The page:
Posted on March 13, 2012 at 8:36 AM by Global Reach
|Five original township clothing clubs were: Concord, Table Mound, Vernon, Washington and Prairie Creek. The first team to go to State Fair was Bertha Fitzpatrick and Thelma Quade from the Table Mound Township with their leader Mr. Glen Christman. The first presentation was called “Approved Underwear.”
|Every Club was to send a demonstration team and a clothing selection to the county fair. The team that was going to the State Fair was barred from showing at the county fair. Each member was required to complete four garments, two of these needed to be completed by fair time.
|Achievement Day was held in Farley with 125 in attendance from five clothing clubs.
|This year they were called Home Furnishing clubs. “Good Feet and approved Shoes” was the slogan for each girl. Encourage each girl to keep an expense account.
|Boy’s clubs called Dairy Calf clubs were organized in two committees in the spring with 19 boys participating. The clubs were: Peru-Jefferson 4-H club, Sherrill Mound and C&W 4-H Club in Cascade Township.
|There were seven girls canning clubs with 85 members. Their goal was for each girl to can at least 25 jars of at least five varieties of fruit, vegetables or meat.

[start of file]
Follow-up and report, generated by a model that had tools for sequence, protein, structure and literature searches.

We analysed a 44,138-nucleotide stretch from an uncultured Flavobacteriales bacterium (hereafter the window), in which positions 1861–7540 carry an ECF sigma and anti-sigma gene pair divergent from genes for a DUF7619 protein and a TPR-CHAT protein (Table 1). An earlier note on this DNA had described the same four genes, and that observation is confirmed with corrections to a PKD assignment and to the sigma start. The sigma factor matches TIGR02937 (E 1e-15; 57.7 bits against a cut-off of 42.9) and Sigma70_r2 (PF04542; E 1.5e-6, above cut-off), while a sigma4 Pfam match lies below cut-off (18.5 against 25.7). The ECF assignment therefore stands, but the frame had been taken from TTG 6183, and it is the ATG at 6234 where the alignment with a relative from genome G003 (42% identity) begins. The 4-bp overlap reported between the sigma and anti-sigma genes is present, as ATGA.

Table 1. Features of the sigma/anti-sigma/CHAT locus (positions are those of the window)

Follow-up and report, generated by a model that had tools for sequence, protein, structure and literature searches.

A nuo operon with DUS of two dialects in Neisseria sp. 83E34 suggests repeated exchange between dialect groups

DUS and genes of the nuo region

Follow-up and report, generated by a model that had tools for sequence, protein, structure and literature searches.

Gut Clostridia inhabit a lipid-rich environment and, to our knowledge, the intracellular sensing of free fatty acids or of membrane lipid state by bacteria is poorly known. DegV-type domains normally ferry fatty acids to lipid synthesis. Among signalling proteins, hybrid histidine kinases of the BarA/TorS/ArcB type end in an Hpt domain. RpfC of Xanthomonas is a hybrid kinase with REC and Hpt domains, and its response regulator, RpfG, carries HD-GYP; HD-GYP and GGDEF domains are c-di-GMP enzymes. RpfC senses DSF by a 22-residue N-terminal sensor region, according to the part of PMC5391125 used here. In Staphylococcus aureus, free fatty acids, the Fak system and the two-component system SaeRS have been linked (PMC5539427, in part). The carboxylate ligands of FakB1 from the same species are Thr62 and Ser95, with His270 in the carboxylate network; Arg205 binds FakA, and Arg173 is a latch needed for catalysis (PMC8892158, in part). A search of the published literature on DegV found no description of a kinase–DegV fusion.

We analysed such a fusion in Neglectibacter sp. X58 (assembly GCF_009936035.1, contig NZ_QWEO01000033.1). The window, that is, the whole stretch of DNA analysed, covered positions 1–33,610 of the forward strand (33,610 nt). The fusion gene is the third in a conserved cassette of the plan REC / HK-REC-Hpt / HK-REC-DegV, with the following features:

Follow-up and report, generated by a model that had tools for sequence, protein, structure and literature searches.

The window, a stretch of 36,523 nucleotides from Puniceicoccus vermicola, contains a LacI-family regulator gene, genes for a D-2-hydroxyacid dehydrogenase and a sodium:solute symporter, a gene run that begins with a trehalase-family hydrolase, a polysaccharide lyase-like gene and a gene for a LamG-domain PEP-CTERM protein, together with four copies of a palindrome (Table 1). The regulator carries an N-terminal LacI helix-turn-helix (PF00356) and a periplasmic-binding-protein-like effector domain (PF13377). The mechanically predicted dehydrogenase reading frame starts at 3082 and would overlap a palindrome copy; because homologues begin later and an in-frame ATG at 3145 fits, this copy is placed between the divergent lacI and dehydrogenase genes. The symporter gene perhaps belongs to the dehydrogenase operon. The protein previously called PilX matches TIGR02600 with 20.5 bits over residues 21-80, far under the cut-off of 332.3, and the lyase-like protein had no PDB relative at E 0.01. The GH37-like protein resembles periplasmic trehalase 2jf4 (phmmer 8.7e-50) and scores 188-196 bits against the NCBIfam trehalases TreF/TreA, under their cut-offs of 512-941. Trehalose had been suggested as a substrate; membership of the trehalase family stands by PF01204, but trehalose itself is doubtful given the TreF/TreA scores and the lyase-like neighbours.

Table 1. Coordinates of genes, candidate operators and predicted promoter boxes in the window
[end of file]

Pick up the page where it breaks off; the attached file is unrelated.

|Boys were to work together to win without bragging and to lose without “kicking” about it. The theme of the girls club was nutrition/bread. The uniform was to be worn to meetings, county wide events and state wide meetings.
|There was no county fair so there were no calves shown this year. There were 6 girls clothing clubs. All girls competing needed to be rural girls (rural meaning residing on at least one acre). No past champions could show at county fair. This year they not only demonstrated at the State Fair but also at the Dairy Cattle Congress.
|Seventy boys were involved in dairy calf clubs, not county fair. Lois Stocks and Ruth Comer from Taylor Township club took second place at State Fair. Their leader was Mrs. Henry Waechter.
|Home Furnishings was the theme for girls. Six clubs had a total of 90 members. There were six dairy calf clubs.
|For Home Improvement, each girl needed to know the “Bohemian Girl” song, and she had to know a list of 10 pictures. Along with diary calf clubs there were now market pig clubs. There were 25 members in the pig club.